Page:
What’s better than the sound of a cork popping off the top of a champagne bottle? How about the commanding slash of a sword cracking across the bottle’s neck, overpowered only by the breathless applause of your thoroughly impressed party guests? When it comes to adding excitement, adventure (and yeah, a bit of danger) to that after-dinner toast, sabrage - the method of removing a champagne cork with a saber - is sure to impress.
How to achieve this epic move? Check out our tips:
To ensure that internal pressure is minimized, make sure the bottle is well-chilled, and avoid excessive agitation whenever possible
Hold the saber in your dominant hand
Cradle the bottle in your other hand at an angle of 20 degrees, with the seam of the bottle facing upwards - this is the runway that the blade will swiftly glide over
Remove the foil and the wire hood, and keep your thumb on top of the cork until you’re ready to go
Use the dull end of the blade - sabrage is not about sharpness, but the impact made upon contact
Watch where you're aiming, and execute with a quick, straight motion
Sabrage sort of feels like beheading your worst enemy - not only will the cork fly away from the bottle, but a shard of the neck will accompany it, so watch for jagged edges. And few moments are more satisfying than returning the bottle to an upright position, ready for pouring, as foam spills over the top and your guests lose their minds.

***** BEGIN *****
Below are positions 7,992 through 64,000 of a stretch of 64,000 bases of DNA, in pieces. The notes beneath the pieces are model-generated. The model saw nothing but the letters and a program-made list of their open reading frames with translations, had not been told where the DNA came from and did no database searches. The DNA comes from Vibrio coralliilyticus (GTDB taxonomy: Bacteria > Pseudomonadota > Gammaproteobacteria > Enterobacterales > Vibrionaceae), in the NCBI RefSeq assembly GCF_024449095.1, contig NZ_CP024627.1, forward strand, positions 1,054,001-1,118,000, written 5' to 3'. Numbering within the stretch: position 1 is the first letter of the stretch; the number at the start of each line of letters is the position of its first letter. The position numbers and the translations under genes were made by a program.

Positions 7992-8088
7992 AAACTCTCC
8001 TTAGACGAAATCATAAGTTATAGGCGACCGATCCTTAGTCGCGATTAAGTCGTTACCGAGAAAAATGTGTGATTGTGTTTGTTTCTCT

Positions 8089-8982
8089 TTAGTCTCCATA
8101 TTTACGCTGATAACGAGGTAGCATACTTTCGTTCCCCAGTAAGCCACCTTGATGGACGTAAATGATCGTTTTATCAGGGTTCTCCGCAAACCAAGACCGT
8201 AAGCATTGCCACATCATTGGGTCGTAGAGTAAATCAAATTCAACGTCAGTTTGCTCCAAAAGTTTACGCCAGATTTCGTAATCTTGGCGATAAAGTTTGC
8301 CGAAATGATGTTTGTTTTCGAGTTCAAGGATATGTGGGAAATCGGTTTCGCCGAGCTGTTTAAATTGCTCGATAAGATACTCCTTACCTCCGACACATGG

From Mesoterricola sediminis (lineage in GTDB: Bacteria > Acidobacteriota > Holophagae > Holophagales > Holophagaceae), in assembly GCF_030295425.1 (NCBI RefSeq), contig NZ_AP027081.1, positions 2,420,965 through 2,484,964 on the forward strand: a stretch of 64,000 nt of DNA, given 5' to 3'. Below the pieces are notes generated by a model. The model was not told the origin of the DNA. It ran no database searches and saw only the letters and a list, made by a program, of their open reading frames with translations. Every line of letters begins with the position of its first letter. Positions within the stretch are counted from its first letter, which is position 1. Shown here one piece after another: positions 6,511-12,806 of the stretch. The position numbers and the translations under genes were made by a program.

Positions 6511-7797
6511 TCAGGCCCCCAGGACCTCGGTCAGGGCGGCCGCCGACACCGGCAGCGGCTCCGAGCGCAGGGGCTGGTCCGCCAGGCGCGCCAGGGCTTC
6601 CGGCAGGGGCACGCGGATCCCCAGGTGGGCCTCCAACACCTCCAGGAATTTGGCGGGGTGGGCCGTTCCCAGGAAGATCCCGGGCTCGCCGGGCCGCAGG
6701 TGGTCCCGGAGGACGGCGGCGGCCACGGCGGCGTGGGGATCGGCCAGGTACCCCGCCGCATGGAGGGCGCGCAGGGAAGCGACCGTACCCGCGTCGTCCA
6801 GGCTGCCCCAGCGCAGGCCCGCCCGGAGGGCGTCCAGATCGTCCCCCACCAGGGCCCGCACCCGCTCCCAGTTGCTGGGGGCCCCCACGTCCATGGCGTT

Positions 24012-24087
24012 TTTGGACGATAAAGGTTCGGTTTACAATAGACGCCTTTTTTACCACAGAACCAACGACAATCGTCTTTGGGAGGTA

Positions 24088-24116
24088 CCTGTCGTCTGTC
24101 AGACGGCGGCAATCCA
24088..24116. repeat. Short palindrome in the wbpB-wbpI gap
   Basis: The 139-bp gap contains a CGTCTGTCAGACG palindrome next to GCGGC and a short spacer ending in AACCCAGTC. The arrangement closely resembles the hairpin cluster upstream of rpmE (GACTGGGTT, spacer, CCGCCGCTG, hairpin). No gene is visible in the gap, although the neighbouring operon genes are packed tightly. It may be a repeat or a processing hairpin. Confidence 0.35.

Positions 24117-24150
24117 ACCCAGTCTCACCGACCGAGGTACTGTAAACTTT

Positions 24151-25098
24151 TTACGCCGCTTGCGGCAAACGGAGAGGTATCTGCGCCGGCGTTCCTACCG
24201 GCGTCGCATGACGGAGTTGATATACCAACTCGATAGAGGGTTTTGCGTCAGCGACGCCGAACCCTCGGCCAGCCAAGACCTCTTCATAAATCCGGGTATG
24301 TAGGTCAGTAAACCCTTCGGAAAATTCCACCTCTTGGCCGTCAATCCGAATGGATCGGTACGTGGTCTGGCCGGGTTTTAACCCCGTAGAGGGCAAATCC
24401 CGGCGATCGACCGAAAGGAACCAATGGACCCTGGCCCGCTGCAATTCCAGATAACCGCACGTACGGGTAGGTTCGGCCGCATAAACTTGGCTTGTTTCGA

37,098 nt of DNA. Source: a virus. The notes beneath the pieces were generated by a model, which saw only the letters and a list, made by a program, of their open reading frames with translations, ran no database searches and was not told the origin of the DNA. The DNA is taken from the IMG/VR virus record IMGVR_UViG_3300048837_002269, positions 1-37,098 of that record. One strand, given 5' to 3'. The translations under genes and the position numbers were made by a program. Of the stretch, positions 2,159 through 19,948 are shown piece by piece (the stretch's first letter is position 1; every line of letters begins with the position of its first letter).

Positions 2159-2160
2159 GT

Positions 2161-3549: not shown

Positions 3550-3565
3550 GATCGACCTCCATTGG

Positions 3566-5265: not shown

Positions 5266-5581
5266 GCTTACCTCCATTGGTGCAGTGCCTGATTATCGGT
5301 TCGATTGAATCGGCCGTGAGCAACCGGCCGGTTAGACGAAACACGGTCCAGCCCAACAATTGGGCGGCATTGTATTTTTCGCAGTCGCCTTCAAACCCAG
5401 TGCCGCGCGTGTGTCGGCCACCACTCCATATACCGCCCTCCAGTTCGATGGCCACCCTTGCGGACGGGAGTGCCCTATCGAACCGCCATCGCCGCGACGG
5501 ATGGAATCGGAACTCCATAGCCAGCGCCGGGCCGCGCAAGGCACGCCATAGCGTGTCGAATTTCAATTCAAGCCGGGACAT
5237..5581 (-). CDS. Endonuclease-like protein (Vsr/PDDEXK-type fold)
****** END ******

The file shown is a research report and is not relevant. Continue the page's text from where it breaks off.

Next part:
So there’s definitely an art to sabrage. But what’s the science behind it? Champagne is of course under a tremendous amount of pressure inside the bottle. At the bottle opening is the lip that creates a point of stress. The bottle seam is another stress point, and it’s the place where these two points meet that the bottle strength is significantly compromised. This is the exact place that the blade of the saber will strike. At the point of impact, a crack ricochets through the glass and that combined with the contents under extreme pressure sends the top of the bottle flying.
Different stories persist about the origins of sabrage, but most of them hail from the birthplace of champagne itself: France. The saber was the weapon of choice among Napoleon’s cavalry during the French Revolution, and soldiers took to sabering champagne bottles when celebrating a battle victory was in order. A related but less verified story has Napoleon’s soldiers spending time on the property of Madame Clicquot, heiress to the Veuve Clicquot fortune, opening bottles with their sabers to win her over.
Even though you probably won’t be performing your own act of sabrage in front of a wealthy French heiress (we wouldn’t be mad, though) we won’t tell anyone if you get a few cheap bottles to practice on ahead of time. This method works on natural cork and synthetic stoppers too, so go for it.
Despite its complex appearance, this ultimate party trick can also be achieved with a butter knife, or even a spoon. It’s all about precision and momentum, no matter the instrument. But hey, if you’re making a move as big as this, stick with the king-size blade for maximum impact.